India China LAC: India-China talks positive, forward movement likely


India and China border talks towards disengagement of troops on the Line of Actual Control (LAC) were positive and forward-looking. The discussions focused on the flashpoint at Patrol Point 15 near Hot Springs in Eastern Ladakh.

Around 50 soldiers each from both sides remained deployed within a kilometre of the flashpoint since tensions escalated in May 2020. As per the consensus reached at other flashpoints that were since resolved, troops from both sides have to move back and remove all temporary structures and defences created in the area to complete a disengagement. “Building on the progress made at the last meeting on March 11, 2022, the two sides continued discussions for the resolution of the relevant issues along the LAC in the Western Sector in a constructive and forward-looking manner,” an official statement after the talks read.

The last disengagement of troops took place a year ago, after Corps Commander Talks in July 2021 led to the resolution of a standoff at Patrol Point 17A in Gogra. Since then, talks have taken place on resolving the Hot Springs issue, as well as a small standoff at Demchock and the denial of patrolling at Depsang plains.

Defence ministry officials described the issue of setting up of two tents by so-called Chinese civilians at the Charding Nullah junction in Demchock since 2018 as an older issue that is not connected to the aggressive deployment of thousands of PLA soldiers in 2020, which led to a deadly clash at Galwan. Similarly, obstructions to patrolling at the Depsang plains is also a legacy issue, with the PLA resorting to such tactics since 2013 with several disagreements and faceoffs taking place, officials said.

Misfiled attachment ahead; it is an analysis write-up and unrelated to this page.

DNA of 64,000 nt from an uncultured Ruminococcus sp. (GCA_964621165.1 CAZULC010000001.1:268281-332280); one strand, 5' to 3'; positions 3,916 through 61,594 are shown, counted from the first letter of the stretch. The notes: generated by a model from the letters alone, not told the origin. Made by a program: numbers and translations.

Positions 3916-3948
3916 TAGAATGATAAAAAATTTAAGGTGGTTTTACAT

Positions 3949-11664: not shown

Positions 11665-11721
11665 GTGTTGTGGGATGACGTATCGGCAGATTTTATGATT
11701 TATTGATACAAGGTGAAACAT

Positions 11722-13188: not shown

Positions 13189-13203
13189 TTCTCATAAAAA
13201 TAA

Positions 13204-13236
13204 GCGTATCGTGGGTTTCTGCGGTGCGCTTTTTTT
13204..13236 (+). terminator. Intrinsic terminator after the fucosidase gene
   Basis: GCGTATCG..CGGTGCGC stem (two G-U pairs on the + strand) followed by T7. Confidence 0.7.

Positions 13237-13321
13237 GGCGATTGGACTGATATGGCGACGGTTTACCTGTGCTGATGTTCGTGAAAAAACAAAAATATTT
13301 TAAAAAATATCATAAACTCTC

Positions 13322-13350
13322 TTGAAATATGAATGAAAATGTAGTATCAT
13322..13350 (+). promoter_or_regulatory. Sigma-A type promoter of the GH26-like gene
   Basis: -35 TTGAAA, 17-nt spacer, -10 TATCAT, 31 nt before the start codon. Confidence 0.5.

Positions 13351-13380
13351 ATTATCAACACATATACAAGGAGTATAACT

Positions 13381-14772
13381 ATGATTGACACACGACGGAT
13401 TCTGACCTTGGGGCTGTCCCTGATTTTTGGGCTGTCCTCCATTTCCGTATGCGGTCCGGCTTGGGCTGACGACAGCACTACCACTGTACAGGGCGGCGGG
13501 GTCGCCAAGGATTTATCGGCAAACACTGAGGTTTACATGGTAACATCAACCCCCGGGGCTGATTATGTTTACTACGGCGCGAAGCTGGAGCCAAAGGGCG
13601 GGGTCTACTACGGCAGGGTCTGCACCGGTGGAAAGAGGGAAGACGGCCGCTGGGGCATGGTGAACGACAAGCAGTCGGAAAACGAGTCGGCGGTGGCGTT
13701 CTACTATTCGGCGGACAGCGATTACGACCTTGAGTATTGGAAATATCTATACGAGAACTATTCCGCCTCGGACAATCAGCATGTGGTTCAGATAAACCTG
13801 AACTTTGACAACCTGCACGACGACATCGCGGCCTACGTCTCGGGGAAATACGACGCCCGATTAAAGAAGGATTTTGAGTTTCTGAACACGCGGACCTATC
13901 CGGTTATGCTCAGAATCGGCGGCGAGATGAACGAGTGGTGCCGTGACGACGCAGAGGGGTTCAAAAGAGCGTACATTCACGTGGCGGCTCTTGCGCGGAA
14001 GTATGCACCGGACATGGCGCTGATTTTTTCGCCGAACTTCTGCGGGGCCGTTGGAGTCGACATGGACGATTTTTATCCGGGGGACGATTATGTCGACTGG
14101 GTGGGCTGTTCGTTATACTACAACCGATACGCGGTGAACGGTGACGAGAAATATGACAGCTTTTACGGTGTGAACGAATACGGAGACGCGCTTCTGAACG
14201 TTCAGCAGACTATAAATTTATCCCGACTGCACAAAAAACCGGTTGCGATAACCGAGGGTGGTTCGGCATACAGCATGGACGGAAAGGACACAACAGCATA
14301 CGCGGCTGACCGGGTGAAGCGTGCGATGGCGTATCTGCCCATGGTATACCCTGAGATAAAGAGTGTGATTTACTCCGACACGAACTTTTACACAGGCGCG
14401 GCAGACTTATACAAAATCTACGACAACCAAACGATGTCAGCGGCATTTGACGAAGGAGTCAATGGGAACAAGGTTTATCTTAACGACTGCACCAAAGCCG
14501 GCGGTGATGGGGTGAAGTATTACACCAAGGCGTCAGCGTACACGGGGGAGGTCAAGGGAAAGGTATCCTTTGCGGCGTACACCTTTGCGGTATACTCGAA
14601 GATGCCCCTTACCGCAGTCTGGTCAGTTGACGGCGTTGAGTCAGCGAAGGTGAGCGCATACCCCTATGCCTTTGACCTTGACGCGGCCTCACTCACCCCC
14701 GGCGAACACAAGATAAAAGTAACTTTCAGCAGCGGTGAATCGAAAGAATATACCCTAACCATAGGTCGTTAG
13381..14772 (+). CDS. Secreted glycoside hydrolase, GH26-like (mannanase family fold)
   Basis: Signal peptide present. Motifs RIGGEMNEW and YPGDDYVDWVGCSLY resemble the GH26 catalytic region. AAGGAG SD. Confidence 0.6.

Patrol Point 15 at Hot Springs was a major area of confrontation in May 2020, with over a thousand Chinese soldiers deployed across LAC, in violation of several border agreements. The Indian Army had also moved a similar opposing force to the area, which at one time included heavy equipment as well. By July 2020, most troops were withdrawn as per an agreement at the Corps Commander level. However, the small detachment that remained at the area is now likely to be pulled back.

A similar model to the disengagement at PP 17A that was conducted in August 2020 is likely to be followed. At that time, the disengagement was carried out over two days, with all temporary structures and other allied infrastructure created dismantled and mutually verified.



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